I have repaired too-loose balance holes about a half dozen times, using an updated version of the process described by Bill Spurlock in the May 1990 PTJ. Some of you old timers may recall this as the "Willis and David Snyder method". I revised it quite a lot because routers and router tables have changed, and I thought it needed to be safer, but it does work and it's a good repair. I haven't done it lately, but one of my colleagues used it last week. The process took him about ten hours, including having to make one new jig for the bandsaw (because that had been replaced since the last use). So, the big drawback is that it's expensive due to the time it takes, therefore it has limited utility. By the time you get done doing this, rebushing, new capstans, etc., a new keyset on the original frame makes good sense, unless there is a very strong reason for preserving the originals.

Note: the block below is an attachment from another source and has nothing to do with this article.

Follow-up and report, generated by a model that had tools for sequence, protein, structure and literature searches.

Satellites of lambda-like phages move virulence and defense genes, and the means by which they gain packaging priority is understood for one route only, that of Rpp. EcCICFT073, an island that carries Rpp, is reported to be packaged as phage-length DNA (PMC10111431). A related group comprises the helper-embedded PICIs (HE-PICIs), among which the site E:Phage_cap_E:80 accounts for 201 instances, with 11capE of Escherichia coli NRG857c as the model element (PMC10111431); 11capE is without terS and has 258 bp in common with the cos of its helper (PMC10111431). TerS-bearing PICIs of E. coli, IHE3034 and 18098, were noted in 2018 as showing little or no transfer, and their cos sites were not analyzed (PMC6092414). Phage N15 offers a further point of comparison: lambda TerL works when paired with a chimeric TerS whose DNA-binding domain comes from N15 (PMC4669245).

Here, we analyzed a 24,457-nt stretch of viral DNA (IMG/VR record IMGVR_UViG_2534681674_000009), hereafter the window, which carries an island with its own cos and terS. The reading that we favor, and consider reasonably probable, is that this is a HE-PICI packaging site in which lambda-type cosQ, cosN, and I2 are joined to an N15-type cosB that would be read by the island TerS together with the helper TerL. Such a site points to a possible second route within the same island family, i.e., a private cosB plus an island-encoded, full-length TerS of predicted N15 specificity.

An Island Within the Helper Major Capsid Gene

I can't think of a way to replace the .162" pins with .145", without replacing the balance rail or at least doing an insert.